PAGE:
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Some may view regulators signalling their willingness to impose significant fines for poor customer service as a positive step; it certainly indicates how serious service breaches will be taken, which is a good thing given the importance of service to the UK economy and society at large. Like any effective legislation or regulation, it should be a powerful deterrent and a signal of intent.

However, to my mind, fines are something that we should never have to resort to. In fact, they should be seen as a serious indication of failure. To address the current service issues, we need a long-term focus on the whole service journey based on true understanding of what a good outcome looks like for the customer. It’s about driving a service culture across all stakeholders, not league tables or just the service recovery elements.

This week’s announcement from Ofwat, that it will fine companies that do not deliver on their customer service promises, should be taken seriously.

The warning reflects the challenging reality that the water sector has consistently been among the lowest-ranking sectors for customer satisfaction in recent years – as shown by us in the UK Customer Satisfaction Index.

There are however some good examples within the water sector, and there are a lot of able people working hard to turn this situation around. I know from talking to many of our members – including my recent Head to Head interview with Mike Gauterin of Untied Utilities – the energies and efforts they are putting into their service agendas.

Ofwat clearly hopes that the announcement – and the threat of meaningful financial penalties that boards and shareholders are unlikely to tolerate – will motivate poor-performing water companies to address the root causes of any service failings. This will need a long-term approach and plan, with the service agenda being firmly in the board room and with a balanced approach and commitment from investors, customers and employees. We need to face into the need to invest in our infrastructure, and as customers – and investors through our pensions – understand the costs and benefits of this. We need full transparency of where funds are spent, and the outcomes should be effectively measured and publicly shared.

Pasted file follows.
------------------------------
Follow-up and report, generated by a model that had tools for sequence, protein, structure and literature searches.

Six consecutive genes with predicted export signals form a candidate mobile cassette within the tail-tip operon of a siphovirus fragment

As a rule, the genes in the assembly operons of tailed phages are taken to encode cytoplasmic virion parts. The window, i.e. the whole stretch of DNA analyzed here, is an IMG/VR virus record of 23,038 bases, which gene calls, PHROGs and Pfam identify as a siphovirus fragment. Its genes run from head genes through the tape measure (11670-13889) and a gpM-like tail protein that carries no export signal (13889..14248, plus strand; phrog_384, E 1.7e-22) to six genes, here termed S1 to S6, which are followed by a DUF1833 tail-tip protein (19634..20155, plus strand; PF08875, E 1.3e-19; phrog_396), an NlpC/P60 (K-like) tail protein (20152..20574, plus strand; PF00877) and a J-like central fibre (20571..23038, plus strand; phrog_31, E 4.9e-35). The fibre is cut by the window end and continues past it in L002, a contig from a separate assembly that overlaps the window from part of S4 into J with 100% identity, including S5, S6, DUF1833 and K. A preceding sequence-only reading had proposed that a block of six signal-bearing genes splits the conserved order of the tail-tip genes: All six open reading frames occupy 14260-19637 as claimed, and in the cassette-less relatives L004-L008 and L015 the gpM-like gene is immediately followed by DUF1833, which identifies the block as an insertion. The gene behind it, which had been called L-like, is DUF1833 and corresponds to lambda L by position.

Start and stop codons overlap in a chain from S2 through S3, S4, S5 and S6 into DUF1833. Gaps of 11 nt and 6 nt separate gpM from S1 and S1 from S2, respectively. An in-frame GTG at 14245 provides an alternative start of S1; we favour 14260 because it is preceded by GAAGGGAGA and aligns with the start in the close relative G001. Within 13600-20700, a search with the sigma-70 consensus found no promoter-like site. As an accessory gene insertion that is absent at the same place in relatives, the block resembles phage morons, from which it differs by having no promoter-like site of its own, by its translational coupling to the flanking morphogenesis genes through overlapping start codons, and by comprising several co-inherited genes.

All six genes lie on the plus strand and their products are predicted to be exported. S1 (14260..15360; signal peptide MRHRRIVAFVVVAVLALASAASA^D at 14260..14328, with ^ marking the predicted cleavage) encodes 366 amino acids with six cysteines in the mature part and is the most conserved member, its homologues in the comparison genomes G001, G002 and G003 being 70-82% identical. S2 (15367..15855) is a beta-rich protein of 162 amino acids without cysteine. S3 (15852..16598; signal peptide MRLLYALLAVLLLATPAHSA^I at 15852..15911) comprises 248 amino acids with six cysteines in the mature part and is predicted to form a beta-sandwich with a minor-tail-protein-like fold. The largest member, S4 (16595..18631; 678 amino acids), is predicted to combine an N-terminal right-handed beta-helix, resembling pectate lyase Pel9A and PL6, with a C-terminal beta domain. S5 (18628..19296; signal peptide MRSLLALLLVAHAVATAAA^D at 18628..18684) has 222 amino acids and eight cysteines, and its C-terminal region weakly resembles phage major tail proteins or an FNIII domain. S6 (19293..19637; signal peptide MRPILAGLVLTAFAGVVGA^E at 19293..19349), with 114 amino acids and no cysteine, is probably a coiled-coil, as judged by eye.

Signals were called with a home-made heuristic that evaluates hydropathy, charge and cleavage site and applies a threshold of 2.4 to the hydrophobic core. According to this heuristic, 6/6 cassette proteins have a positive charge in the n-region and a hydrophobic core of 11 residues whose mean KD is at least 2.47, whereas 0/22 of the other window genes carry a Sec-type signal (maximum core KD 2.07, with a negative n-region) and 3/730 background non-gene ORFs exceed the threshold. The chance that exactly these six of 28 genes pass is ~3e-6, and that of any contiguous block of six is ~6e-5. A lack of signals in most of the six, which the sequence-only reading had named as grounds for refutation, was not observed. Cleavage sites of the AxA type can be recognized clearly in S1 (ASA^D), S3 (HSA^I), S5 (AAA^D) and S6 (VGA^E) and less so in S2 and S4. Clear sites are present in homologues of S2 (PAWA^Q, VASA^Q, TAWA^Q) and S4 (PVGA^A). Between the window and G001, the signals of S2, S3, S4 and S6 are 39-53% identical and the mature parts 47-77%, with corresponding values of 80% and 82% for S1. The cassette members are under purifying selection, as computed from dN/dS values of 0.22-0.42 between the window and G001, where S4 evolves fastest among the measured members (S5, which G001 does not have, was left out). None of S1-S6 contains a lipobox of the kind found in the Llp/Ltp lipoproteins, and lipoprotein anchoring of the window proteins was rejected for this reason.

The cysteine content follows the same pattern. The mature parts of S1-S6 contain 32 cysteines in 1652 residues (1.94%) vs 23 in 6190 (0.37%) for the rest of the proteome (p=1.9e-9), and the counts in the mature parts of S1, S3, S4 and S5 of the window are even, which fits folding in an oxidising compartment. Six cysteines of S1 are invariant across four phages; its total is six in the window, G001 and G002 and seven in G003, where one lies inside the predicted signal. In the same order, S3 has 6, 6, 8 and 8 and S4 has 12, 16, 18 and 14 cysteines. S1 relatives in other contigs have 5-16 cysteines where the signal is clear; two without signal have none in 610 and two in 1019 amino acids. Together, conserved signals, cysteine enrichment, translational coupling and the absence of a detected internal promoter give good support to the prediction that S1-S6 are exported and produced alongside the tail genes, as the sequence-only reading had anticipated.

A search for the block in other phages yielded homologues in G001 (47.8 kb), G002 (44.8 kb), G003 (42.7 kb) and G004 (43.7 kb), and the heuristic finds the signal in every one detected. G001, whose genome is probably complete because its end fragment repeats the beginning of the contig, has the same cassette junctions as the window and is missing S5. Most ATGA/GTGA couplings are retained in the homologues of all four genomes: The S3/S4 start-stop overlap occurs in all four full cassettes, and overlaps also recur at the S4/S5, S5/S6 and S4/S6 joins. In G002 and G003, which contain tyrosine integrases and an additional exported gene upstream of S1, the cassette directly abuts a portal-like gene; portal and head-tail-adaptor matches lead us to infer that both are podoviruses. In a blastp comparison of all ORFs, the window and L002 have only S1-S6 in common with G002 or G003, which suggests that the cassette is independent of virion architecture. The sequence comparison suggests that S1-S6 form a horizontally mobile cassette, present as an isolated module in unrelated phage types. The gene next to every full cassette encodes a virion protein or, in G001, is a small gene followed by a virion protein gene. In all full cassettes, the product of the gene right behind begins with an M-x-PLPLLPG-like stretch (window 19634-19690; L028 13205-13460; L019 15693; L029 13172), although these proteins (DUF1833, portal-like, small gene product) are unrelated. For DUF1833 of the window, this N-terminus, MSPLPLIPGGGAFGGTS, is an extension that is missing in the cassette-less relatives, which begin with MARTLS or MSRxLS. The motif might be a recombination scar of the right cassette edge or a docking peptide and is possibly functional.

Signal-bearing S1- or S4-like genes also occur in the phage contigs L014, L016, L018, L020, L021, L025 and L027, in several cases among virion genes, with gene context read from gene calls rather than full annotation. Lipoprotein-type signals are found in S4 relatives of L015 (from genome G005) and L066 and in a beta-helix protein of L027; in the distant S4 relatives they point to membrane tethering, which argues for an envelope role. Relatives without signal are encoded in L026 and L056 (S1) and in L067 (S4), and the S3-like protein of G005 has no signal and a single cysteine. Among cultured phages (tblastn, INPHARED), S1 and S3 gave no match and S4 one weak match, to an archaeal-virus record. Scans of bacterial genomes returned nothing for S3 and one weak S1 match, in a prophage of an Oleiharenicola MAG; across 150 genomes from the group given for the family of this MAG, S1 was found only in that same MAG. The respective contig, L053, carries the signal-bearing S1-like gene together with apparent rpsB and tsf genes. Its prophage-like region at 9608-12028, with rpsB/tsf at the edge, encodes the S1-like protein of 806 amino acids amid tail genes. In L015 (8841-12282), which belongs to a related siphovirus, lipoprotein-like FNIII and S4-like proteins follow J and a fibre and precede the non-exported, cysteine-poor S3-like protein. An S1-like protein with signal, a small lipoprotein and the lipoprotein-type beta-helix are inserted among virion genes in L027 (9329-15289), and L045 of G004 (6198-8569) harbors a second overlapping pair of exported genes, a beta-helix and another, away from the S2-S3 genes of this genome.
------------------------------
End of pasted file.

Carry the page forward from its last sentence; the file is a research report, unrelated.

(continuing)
There are complex systemic challenges for this sector – even before you throw in climate change, crumbling infrastructure and a rising population. From a service perspective, reducing the number of complaints, getting things right first time, combined with effective communication and customer engagement, reduces unnecessary contact, which improves productivity and reduces costs. It will also help to strengthen trust and understanding. An enfranchised and less cynical customer base is essential, and companies should use the service agenda to rebuild this trust.

Looking to other sectors

Ofwat’s signalling should serve as a wake-up call to all organisations – not just water – that raising service standards needs to be a priority.

Regulators have been taking steps to monitor and enforce businesses’ commitments to their customers and service propositions for a while. Consumer Duty, which the FCA introduced to cover those in financial services last July, is a prime example.

When I spoke on the BBC’s Wake Up to Money earlier this week, I highlighted that banks and building societies were among the better performers for service and satisfaction recently. The sector ranked third overall in the UKCSI this January and saw only a 0.9-point decrease in satisfaction year-on-year. While this was a fall, it was the smallest decline of any sector.

What is more, banking scored highest in every complaint handling measure, scoring at least 0.5 points above the all-sector average in each. Banks are recognising that there are customers to be won and money to be made by taking the customer-focused, outcomes-driven approach to their service that the FCA is espousing.

And that’s the crucial point. Regardless of regulation, organisations need to wake up to the fact that good service means better business performance and ultimately better returns.

A learning for both businesses and regulators

There are further valuable lessons for both businesses and regulators following this week’s announcement. Another intervention from regulators confirms to me that cooperation and collaboration within and across sectors will be crucial.

If we can share insights on what’s working and what is not working when it comes to improving service, we will reverse the worrying decline in customer satisfaction.

But the most important thing for getting customer service back on track is… the customer.

Putting the customer at the heart of any business or regulatory decision will ensure that organisations can consistently meet their needs and expectations. By considering the impact and outcome of these decisions on the customer, businesses, regulators, and sectors will be well-positioned to make the cultural shifts needed to enhance service standards over the long term.

Jo Causon

Jo joined The Institute as its CEO in 2009. She has driven membership growth by 150 percent and established the UK Customer Satisfaction Index as the country’s premier indicator of consumer satisfaction, providing organisations with an indicator of the return on their service strategy investment.

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